02 January 2008

Chinese Communism--Can China Ever Recover? Can the Rest of the World?

The story of Communist China is a story of ecological devastation on a monumental scale. The destruction being inflicted by the CCP and its policies upon China--and neighboring countries--is so severe as to require most of China's cash reserves to remediate. If it is even possible to repair.
In a mere two and a half decades, China has awakened from Maoist stagnancy to become the world's manufacturer. Among the planet's 193 nations, it is now first in production of coal, steel, cement, and 10 kinds of metal; it produces half the world's cameras and nearly a third of its TVs, and by 2015 may produce the most cars. It boasts factories that can accommodate 200,000 workers, and towns that make 60 percent of the world's buttons, half the world's silk neckties, and half the world's fireworks, respectively.

...Its appetite for raw materials drives up international commodity prices and shipping rates while its middle class, projected to jump from fewer than 100 million people now to 700 million by 2020, is learning the gratifications of consumerism. China is by a wide margin the leading importer of a cornucopia of commodities, including iron ore, steel, copper, tin, zinc, aluminum, and nickel. It is the world's biggest consumer of coal, refrigerators, grain, cell phones, fertilizer, and television sets. It not only leads the world in coal consumption, with 2.5 billion tons in 2006, but uses more than the next three highest-ranked nations—the United States, Russia, and India—combined.

...the Mao era's ecological devastation pales next to that of China's current industrialization. A fourth of the country is now desert. More than three-fourths of its forests have disappeared. Acid rain falls on a third of China's landmass, tainting soil, water, and food. Excessive use of groundwater has caused land to sink in at least 96 Chinese cities, producing an estimated $12.9 billion in economic losses in Shanghai alone. Each year, uncontrollable underground fires, sometimes triggered by lightning and mining accidents, consume 200 million tons of coal, contributing massively to global warming. A miasma of lead, mercury, sulfur dioxide, and other elements of coal-burning and car exhaust hovers over most Chinese cities; of the world's 20 most polluted cities, 16 are Chinese.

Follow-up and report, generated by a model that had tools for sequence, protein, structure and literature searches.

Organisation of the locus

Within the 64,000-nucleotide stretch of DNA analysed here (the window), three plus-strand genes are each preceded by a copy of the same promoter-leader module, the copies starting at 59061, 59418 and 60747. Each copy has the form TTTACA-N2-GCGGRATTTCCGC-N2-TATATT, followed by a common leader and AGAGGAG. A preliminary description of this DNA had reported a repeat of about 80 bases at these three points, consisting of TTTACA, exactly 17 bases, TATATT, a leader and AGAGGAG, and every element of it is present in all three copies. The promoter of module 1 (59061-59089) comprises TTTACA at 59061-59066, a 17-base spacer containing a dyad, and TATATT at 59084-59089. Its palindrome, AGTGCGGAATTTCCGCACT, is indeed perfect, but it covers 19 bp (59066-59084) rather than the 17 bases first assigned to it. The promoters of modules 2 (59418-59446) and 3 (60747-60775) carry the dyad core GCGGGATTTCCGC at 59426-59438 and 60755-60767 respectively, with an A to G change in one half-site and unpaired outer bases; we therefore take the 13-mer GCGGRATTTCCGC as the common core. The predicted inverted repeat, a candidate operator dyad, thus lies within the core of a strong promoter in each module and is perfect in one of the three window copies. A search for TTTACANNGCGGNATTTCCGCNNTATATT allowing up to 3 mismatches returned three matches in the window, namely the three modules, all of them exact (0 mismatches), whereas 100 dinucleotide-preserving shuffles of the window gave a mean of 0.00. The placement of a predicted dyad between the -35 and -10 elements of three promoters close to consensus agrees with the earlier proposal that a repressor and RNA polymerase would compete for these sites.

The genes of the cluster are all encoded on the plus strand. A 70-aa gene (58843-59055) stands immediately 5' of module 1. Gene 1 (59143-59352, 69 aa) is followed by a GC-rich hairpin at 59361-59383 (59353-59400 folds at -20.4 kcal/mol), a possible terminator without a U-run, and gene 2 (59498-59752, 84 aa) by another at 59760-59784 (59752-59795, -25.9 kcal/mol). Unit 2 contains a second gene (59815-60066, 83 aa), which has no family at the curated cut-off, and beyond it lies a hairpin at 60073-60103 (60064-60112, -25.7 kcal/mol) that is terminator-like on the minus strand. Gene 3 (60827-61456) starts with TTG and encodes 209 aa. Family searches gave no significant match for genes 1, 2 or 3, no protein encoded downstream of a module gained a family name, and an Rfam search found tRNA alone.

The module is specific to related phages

...Acid rain caused by China's sulfur-dioxide emissions severely damages forests and watersheds in Korea and Japan and impairs air quality in the United States. Every major river system flowing out of China is threatened with one sort of cataclysm or another, including pollution (Amur), damming (Mekong, Salween), diverting (Brahmaputra), and melting of the glacial source (Mekong, Salween, Brahmaputra). The surge in untreated waste and agricultural runoff pouring into the Yellow and China Seas has caused frequent fish die-offs and red-tide outbreaks, and overfishing is endangering many ocean species. ... the planet's deforestation problem is largely one of illicit logging, and China is the world's leading importer of illegally logged wood. Chinese wood purchases have also helped finance armed conflicts conducted by such international pariahs as Cambodia's Khmer Rouge, Burma's military government, and the now-deposed regime of Liberia's Charles Taylor.

...The largest source of that pollution is the billion tons of coal China burns per year, more than virtually all the world's developed nations combined. The International Energy Agency reported in November 2006 that global coal consumption had increased as much in the previous 3 years as in the 23 before that, and that China was responsible for 90 percent of the increase. It operates more than 2,000 coal-fired power plants and puts a new one into operation every four to seven days. Few possess scrubbers that could limit emissions, and those that do tend not to use them, since scrubbers drive up the plants' energy and maintenance costs. China's central government has issued some fairly strict regulations to limit plant emissions, but they are rarely enforced because of corruption...